I’m still not sure if my connection with ARCHIE comics is just yet another example of my crippling arrested development, but I honestly think the series does a better job illustrating the complexities of youth better than the countless novels and movies that have tried. A CALCULATED RISK is one of my all-time favourites, a rich, dramatic story about male relationships, being honest with yourself, and of course, that unique time where you’re almost an adult, and the future is looming like a horrifying, monstrous threat.

The story begins with Archie having his car taken away after Pop decides that his son’s habit of driving his friends around town, as opposed to studying, is what’s causing his slumping calculus grade. Archie is heart-broken to have his car taken away, but surprisingly, no wacky hijinx ensue in an attempt to get it back. It’s a moment of stark honesty, and illustrates why Archie is actually my favourite character in the books – as the gang reverts to their trademark behaviour, with Jughead cracking wise and Betty and Veronica fighting over who gets to be the tutor, Archie is downright melancholic. There isn’t anything funny or charming about the predicament he’s in – he really is lost. Calculus just doesn’t make sense to him, and he can’t find anyone to turn to who could understand that. This may sound obvious, but that feeling of isolation is the most important part in a story about adolescence, even one about a popular student who has two beautiful women fighting over him. Archie sulks away, and finds himself feeling desperate.

That’s when Reggie offers him a proposition. Failing at calculus just as spectacularly as his rival, he’s gotten a hold of the answers to the calculus final. Though Archie holds strong initially, his failed trips to the library, his continued difficulty with the homework…it all adds up to a climactic moment. Late to class, rushing to school in the rain, Archie is soaked wet when a car drives by and covers him with puddle water. Deflated and hopeless, he tells Reggie he’ll do it. He’ll cheat. And this is when the story really hits into high gear.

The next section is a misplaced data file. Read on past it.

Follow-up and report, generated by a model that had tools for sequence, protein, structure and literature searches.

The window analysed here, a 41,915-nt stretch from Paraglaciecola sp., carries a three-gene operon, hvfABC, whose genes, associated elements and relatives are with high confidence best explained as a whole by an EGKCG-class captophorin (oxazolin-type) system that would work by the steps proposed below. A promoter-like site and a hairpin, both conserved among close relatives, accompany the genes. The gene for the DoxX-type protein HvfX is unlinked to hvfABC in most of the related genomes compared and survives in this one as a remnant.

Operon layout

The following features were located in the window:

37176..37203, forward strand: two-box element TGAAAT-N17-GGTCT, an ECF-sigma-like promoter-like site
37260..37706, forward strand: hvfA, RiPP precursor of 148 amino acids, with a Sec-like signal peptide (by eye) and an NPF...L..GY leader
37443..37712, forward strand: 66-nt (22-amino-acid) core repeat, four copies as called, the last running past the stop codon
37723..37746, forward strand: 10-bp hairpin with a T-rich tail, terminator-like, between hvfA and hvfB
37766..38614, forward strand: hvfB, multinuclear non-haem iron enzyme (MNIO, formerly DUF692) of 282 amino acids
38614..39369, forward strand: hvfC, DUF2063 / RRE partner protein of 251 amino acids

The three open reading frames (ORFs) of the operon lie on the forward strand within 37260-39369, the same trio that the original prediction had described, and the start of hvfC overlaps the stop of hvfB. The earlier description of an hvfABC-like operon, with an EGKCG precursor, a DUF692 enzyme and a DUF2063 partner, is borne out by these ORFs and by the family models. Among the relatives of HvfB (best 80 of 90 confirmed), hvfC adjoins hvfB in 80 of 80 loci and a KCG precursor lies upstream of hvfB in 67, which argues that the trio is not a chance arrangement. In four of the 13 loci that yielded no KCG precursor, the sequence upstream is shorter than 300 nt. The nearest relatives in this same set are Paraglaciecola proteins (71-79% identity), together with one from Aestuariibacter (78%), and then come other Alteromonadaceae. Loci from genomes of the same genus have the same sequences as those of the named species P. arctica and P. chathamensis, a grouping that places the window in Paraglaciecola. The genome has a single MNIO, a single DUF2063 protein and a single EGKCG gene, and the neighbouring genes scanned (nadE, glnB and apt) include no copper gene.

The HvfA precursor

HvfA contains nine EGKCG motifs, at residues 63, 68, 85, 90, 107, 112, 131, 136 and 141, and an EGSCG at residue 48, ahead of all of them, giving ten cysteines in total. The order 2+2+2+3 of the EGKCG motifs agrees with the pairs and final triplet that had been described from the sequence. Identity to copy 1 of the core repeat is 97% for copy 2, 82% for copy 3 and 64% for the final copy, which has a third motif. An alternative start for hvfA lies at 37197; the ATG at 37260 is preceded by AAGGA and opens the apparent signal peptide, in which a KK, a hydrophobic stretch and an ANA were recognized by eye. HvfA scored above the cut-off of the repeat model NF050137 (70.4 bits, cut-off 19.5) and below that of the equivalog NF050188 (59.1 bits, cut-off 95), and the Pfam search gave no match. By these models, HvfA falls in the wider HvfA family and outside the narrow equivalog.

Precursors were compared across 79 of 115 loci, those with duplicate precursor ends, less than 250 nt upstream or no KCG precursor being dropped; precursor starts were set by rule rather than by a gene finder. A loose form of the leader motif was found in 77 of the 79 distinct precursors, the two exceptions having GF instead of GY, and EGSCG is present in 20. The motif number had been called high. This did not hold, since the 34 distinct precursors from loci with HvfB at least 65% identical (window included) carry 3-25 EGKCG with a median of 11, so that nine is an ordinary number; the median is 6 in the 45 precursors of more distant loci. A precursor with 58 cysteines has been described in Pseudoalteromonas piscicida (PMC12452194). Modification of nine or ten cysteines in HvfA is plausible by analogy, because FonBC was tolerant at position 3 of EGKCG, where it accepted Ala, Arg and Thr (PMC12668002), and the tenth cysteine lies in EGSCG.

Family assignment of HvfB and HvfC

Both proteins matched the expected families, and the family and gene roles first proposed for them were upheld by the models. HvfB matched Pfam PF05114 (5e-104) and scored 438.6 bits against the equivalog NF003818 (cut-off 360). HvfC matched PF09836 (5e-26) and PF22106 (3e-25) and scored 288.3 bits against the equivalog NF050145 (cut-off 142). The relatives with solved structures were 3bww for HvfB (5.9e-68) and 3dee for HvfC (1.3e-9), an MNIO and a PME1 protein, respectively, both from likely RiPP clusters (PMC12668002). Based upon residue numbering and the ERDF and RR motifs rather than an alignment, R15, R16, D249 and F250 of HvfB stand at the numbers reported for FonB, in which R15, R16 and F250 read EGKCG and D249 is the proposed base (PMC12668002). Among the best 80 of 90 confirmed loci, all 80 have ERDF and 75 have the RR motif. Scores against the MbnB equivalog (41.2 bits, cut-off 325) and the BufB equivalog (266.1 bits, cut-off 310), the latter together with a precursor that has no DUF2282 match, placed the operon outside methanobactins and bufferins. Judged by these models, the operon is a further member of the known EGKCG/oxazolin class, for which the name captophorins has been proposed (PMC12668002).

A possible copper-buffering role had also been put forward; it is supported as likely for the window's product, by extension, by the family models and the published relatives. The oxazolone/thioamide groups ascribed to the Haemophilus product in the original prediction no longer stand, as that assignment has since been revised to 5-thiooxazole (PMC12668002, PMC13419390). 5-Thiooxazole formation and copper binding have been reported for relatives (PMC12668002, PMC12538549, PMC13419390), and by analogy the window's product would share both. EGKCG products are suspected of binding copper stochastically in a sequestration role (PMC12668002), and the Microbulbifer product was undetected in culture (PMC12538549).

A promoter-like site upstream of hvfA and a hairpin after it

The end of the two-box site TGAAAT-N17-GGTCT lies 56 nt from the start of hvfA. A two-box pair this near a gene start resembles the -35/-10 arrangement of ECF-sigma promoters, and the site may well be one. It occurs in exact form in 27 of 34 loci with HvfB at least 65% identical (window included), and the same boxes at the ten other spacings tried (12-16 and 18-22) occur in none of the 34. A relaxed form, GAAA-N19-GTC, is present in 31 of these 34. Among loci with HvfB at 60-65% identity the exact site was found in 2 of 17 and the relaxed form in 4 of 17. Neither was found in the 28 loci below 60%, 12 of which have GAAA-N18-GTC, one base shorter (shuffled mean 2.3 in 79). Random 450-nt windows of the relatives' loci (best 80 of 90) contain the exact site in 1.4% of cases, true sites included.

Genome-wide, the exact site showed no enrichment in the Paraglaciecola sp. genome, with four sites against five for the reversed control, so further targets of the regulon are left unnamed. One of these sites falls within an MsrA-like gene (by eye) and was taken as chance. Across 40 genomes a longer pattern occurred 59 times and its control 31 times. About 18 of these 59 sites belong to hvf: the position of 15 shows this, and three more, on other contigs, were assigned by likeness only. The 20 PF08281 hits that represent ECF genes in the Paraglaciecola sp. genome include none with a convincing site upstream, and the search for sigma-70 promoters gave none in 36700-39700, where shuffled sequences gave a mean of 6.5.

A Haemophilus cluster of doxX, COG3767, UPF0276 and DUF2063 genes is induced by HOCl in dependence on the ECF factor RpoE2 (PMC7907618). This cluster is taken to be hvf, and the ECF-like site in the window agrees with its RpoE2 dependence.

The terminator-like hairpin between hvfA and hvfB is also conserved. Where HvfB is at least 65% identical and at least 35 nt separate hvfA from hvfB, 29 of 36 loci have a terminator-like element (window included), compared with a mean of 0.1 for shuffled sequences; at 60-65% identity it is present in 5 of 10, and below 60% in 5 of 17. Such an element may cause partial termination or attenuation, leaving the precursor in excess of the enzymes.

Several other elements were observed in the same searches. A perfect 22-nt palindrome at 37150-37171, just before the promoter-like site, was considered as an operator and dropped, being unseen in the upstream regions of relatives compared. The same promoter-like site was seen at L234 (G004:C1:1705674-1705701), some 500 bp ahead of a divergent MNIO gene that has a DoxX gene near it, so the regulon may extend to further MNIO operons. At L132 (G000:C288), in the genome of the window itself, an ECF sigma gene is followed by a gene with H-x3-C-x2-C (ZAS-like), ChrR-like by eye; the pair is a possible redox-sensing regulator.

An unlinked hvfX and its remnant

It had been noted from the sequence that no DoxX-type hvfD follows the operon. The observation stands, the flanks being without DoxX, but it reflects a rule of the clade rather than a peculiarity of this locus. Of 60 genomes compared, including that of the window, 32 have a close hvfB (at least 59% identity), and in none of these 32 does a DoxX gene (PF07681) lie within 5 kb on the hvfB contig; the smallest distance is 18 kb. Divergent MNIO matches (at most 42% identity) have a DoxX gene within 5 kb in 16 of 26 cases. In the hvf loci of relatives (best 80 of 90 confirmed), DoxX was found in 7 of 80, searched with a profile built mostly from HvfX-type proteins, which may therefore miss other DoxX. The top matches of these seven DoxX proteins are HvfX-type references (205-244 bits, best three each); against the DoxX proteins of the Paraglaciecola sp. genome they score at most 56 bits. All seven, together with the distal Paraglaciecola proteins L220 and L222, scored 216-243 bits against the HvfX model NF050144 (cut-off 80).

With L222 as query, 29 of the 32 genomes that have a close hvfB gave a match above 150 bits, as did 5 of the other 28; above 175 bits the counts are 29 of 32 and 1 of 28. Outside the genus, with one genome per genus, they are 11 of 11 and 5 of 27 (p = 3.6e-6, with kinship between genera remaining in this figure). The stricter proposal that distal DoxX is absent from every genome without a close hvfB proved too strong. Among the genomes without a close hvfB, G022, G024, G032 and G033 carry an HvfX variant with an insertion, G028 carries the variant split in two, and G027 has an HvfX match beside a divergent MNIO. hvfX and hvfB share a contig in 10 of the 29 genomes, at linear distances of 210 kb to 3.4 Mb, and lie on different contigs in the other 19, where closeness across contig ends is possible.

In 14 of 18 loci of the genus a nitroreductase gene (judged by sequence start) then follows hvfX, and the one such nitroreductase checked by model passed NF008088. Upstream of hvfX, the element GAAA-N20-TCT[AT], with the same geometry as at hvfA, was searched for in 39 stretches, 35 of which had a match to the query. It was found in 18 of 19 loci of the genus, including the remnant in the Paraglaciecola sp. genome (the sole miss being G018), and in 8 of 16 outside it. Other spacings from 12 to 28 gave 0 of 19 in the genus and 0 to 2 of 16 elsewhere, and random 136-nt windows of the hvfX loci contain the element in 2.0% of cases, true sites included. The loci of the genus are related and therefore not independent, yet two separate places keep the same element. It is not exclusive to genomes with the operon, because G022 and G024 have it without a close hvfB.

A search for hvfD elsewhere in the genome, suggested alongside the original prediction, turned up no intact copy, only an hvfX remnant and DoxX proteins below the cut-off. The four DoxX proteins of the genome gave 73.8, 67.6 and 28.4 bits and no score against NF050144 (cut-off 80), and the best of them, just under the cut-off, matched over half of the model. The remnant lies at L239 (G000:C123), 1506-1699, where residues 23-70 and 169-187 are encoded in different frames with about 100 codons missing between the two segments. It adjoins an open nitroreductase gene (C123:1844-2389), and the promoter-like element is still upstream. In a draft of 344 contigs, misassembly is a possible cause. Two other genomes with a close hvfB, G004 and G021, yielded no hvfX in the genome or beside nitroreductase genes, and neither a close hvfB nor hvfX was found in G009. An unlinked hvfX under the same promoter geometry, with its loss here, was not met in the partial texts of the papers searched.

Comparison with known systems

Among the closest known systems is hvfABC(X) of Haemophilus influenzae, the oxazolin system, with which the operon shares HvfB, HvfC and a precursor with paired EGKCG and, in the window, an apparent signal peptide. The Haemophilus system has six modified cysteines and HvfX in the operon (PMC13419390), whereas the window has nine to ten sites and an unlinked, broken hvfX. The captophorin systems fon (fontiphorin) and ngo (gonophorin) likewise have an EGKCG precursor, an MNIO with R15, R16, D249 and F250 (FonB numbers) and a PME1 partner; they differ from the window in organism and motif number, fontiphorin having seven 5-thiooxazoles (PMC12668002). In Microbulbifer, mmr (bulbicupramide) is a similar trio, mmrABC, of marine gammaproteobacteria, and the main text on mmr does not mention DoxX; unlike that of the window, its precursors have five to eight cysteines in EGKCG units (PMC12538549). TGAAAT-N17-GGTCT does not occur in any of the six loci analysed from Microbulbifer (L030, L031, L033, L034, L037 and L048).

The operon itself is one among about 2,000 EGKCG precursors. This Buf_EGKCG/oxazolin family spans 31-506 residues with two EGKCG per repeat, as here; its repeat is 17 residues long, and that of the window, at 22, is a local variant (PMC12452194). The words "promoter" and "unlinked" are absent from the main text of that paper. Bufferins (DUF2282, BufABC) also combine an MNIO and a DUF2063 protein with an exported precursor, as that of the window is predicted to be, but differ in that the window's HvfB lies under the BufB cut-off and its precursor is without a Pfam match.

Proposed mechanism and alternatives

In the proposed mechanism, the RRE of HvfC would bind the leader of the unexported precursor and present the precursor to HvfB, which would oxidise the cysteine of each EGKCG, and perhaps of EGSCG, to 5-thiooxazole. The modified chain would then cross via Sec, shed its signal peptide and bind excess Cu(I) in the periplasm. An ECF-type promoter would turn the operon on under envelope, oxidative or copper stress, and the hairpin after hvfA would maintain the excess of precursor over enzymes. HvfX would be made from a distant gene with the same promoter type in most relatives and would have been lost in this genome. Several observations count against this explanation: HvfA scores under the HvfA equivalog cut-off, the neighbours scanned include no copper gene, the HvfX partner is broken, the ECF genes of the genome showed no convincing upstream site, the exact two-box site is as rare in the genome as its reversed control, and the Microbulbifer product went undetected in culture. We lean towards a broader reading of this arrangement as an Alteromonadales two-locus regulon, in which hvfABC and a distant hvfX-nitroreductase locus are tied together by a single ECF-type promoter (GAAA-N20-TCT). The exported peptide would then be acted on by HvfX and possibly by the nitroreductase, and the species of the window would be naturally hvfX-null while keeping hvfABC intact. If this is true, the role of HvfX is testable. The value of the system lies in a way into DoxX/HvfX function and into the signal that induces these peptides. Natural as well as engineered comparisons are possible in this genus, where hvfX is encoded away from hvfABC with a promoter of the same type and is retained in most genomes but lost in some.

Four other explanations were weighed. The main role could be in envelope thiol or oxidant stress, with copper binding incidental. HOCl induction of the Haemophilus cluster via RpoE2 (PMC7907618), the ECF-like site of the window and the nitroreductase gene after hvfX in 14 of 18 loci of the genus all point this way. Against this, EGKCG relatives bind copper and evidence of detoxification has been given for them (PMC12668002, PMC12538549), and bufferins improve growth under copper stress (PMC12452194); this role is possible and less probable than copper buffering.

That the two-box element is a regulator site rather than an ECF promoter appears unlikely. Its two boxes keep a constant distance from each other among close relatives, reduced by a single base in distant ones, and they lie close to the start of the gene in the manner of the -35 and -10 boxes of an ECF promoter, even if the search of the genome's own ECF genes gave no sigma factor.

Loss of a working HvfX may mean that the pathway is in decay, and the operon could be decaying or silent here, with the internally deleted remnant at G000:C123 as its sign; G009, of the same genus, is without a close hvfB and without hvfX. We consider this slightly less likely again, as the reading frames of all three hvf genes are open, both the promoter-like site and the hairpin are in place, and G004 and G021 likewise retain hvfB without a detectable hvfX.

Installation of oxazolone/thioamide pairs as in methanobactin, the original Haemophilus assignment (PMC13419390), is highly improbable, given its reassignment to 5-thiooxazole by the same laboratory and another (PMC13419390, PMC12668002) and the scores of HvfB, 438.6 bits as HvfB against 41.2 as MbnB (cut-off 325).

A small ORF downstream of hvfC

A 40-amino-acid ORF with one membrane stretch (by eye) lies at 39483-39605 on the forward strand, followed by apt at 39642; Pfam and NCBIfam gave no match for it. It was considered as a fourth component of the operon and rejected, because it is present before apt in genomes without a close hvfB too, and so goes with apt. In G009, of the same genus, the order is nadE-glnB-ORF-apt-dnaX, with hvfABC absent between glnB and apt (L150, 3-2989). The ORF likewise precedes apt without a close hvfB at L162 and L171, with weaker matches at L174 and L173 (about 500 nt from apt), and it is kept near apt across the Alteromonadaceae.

As Archie lays awake at night, his brain refuses to turn off, as his thoughts keep racing back to the immorality of cheating, an old memory comes back to him. “I JUMPED!” he shouts out to Reggie’s window in the middle of the night. When the two were young boys they used to spend time in a treehouse in Reggie’s backyard. Archie had his first broken bone when he shattered his arm, accidentally falling out of the tree. At least, that’s the way he always remembered it, and the story Reggie always supplied. But suddenly, Archie remembers: he didn’t fall, he jumped. Lil’ Reggie proposed the idea that they both jump out at the same time, but held himself back at the last minute, watching Archie jump straight into danger. To Archie, this symbolizes everything about their relationship, and it’s why he can’t possibly trust Reggie’s answers – he’s probably given Archie a false copy, forcing him to fail.

Of course, what’s really interesting about this is that Archie could very well be unreliable in his memory. We’re not told in the story that his recollection of events is correct; in fact, I think it’s implied otherwise. I think we’re supposed to understand that not only is Archie the kind of guy who just can’t do something as wrong as cheat on the final, Reggie isn’t either. Life someone preordained that there needed to be some sort of cataclysmic event to get the two to realize this, and to get them to understand what was at the heart of their rivalry all these years. “That TRAITOR!” Reggie thinks as he drives after Archie, who’s made off with the answers to the test, “He’s going to rat me out so he can look like the good guy!” To Reggie, Archie’s sudden remembrance of events represents everything he hates about the guy – he has to be the well-rounded, smiling kid, the perfect all-American who won’t even cheat on a test to save his future.